Saturday, January 4, 2014


You should break up your bread roll with your fingers, rather than cutting into it with a knife. Why? Who knows? It's just a code, designed to make it easier to spot the social origins of those with whom you are sharing a table.

When eating soup, it is acceptable to tip the soup bowl away from you in order to retrieve the final spoonfuls. Just don't ever tip it the other way. Why? We can make up some explanation about not wanting to splash our shirt front, but again it's just a code. ''Ah, good, he's one of ours.''

Real etiquette, of course, is pretty much the opposite of all this. It's about making people feel more comfortable, not less. It's about holding the ladder up against the wall, and helping someone over, rather than pushing it away.

The BBC broadcaster Sandi Toksvig tells a great story about true etiquette in her native Denmark. The photographer (and British aristocrat) Patrick Lichfield had been invited to dinner with Denmark's King Frederick IX. At the time, a gentleman wore a shirt with no collar, on top of which was placed a separate stiff shirt front, with detachable collar and cuffs. Lichfield, short of funds, lacked a fresh shirt, so simply wore the shirt front assembly, all tucked beneath his formal jacket. With the jacket buttoned up, no one could tell the difference.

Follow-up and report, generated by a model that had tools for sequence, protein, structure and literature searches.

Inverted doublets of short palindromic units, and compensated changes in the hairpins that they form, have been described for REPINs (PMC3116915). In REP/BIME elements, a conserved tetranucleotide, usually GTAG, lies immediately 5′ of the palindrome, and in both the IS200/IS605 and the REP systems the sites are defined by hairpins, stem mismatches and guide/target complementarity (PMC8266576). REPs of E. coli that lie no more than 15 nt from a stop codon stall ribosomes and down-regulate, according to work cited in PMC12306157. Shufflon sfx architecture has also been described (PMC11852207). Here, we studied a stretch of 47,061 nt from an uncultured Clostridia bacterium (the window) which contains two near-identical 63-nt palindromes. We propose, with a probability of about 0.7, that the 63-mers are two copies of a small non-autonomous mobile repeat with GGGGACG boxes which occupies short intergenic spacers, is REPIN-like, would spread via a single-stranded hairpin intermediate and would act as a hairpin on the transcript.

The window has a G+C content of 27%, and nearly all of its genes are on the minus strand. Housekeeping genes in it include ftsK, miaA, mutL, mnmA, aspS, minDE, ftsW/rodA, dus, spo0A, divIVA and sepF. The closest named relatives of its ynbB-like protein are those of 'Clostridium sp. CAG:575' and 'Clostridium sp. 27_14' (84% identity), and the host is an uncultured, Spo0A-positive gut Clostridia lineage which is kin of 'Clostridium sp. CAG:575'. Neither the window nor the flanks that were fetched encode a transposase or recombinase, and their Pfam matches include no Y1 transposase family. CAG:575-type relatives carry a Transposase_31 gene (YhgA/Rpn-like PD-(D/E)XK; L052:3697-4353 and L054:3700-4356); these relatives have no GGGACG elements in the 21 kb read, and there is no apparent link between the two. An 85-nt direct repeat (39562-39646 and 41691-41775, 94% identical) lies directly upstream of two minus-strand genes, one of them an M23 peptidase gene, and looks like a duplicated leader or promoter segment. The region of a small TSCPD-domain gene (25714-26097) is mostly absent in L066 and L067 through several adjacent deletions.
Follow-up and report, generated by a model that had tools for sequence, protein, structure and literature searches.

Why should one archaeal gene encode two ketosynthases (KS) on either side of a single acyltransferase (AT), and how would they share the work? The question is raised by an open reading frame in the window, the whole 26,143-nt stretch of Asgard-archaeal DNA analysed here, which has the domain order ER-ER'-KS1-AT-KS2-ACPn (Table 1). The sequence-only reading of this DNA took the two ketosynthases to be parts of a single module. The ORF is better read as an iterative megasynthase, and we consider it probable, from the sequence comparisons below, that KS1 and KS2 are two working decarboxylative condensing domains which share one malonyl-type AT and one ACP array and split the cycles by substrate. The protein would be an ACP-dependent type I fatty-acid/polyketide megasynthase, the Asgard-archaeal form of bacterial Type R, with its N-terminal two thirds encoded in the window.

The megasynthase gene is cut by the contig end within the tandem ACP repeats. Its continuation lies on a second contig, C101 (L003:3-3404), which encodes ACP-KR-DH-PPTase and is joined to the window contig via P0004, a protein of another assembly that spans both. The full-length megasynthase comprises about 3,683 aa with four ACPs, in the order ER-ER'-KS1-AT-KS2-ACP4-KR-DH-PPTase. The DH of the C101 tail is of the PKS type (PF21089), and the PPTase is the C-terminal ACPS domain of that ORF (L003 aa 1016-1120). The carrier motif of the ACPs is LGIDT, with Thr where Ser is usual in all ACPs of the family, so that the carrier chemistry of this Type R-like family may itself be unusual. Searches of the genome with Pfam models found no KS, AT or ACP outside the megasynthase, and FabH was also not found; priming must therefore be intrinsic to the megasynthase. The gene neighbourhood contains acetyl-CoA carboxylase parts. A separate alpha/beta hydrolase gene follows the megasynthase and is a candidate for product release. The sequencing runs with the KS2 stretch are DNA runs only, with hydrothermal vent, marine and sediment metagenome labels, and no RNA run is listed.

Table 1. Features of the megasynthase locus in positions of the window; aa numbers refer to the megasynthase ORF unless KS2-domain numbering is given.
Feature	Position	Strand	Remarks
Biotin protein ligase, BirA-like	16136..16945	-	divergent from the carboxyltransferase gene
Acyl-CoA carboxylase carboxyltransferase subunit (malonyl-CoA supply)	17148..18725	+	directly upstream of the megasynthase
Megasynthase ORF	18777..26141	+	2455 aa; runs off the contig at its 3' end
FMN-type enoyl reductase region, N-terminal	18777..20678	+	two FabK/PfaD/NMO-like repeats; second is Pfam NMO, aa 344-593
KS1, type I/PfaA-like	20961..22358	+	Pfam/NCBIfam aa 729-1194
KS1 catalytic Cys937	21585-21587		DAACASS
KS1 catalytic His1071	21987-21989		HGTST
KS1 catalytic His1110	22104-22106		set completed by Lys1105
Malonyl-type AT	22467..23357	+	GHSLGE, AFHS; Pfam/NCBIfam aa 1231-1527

Alas, after dinner, the party shifted to the terrace and the king removed his jacket, causing all the other men to follow the royal lead. Mortified, Lichfield removed his own jacket, revealing both his nakedness and his lack of funds.

The king glanced up, said ''what a splendid idea'', and immediately removed his own shirt. Again everyone followed suit, and soon the whole party was happily bare-chested around the royal table.

The king's motivation was a desire that his guest not feel socially awkward - an example of true good manners, of which there are less examples every day. Sorry, I think I meant fewer. I hope you weren't about to correct me.

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